They clambered over each other to lift the speaker.
Faceless, identity-free, the blocky brown figures held together the cart, hoisting boxes, planks and wheels with mismatched spokes, using their own bodies to fill gaps and shove the speaker up against an empty sky.
The speaker too was faceless, blocky. He had no hold on or identity over the others striving to raise him. He just had the speech in his hand. That was his role to fill. That was his eternal job at the memorial to the workers massacre.
A man and a woman were reading the description on the statue’s base when I rode up.
They slowly circled the memorial, learning what happened at that spot on May 4, 1886, about the dynamite bomb heaved at police officers there to bust up a union rally, about the officers turning their guns on the crowd, about the men tried and convicted on trumped-up charges. The bomb was a good excuse to swing some anarchists.
It was the Haymarket massacre. Four protestors were hanged, three were later pardoned by a new governor critical of the sham. One killed himself in prison by biting into a blasting cap and blowing away a portion of his head. He didn’t die for six hours.
The description at the base of the statue omitted that bit.
Haymarket was also an early turning point in the American labor movement. Along with a few other events — the Pullman strike that started on Chicago’s South Side in 1894, the Triangle Shirtwaist Factory fire in 1911 — the Haymarket massacre of 1886 led workers across the nation to unite under the simple, human notion that if we work together, it doesn’t have to be like this.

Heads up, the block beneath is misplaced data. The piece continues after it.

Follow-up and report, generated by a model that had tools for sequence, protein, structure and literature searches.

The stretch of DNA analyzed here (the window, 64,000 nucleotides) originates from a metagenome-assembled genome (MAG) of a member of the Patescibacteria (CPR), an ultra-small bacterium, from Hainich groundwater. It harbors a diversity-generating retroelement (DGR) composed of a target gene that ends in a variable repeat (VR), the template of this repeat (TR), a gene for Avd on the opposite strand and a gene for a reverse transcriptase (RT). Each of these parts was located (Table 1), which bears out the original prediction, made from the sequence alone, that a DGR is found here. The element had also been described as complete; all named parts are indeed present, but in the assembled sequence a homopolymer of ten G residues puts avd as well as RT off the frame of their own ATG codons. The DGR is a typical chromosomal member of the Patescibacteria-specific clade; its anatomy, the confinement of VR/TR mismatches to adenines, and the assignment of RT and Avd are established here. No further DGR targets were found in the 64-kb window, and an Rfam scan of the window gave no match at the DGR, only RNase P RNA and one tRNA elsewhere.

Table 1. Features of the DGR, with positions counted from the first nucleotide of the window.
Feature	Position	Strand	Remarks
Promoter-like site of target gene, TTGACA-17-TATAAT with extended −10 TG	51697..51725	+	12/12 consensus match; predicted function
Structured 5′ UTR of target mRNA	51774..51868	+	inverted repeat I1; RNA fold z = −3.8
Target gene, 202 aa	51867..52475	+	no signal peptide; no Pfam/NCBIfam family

We laugh and joke, use snarky charts to talk about how bad things still are (and they are), but the Bureau of Labor Statistics’ 2012 American Time Use Survey issued this summer reports full-time workers work an average 8.22 hours a day.
The eight-hour day. We get that from them.
Things still aren’t great for the worker, getting worse in a lot of ways. The U.S. Census Bureau reported last year that household income inequality in the U.S. had jumped 18 percent since 1967. Nearly half that took place in the 1980s, when even the language used in economic policy implied pissing on the poor.
The real value of the minimum wage has gone up 21 percent since 1990, Mother Jones reported this week. The cost of living has gone up 67 percent in that time.
I got a burger July 4 from a woman who still had to go to her second job after this shift.
No, it’s bad. I get that. But that doesn’t mean we can’t celebrate the successes we do have. The eight-hour day. Increased safety standards. And, what the hell, a day off in September for beaches and barbecues.
And for checking out statues commemorating massacres at labor rallies.
I don’t mean to imply that this lonely statue along Des Plaines Street, watching the passersby and watched itself by a two-story billboard featuring Christina Applegate for Coca-Cola’s Fruitwater, is the only way people honored the workers that Labor Day.
They had a rally in Grant Park that morning. I didn’t go. Throughout the city and the country, people were honoring the day, remembering the people who got us here. Maybe it was a Facebook grump with a surly message that it’s not about barbecues. Maybe it was some snark to a too-happy kid out of school.
Yes, the majority of the day was about barbecues and no longer wearing white, summer ending and the gubernatorial candidates lining up. Beach advisory warnings. But the nation was also full of nags, posts, reminders — the union home equivalent of “Keep Christ in Christmas.”
Abused workers are the reason for the season.
A woman walked by as I gaped at the blocky workers holding together the cart in the statue. With workout pants, earbuds, a strap around her leg to hold valuables and a slick patina of sweat, she looked out for a jog on a day off of work.
She looked at me and smiled.
“Apropos to be here today,” she said to me, giving a nod as she wandered on.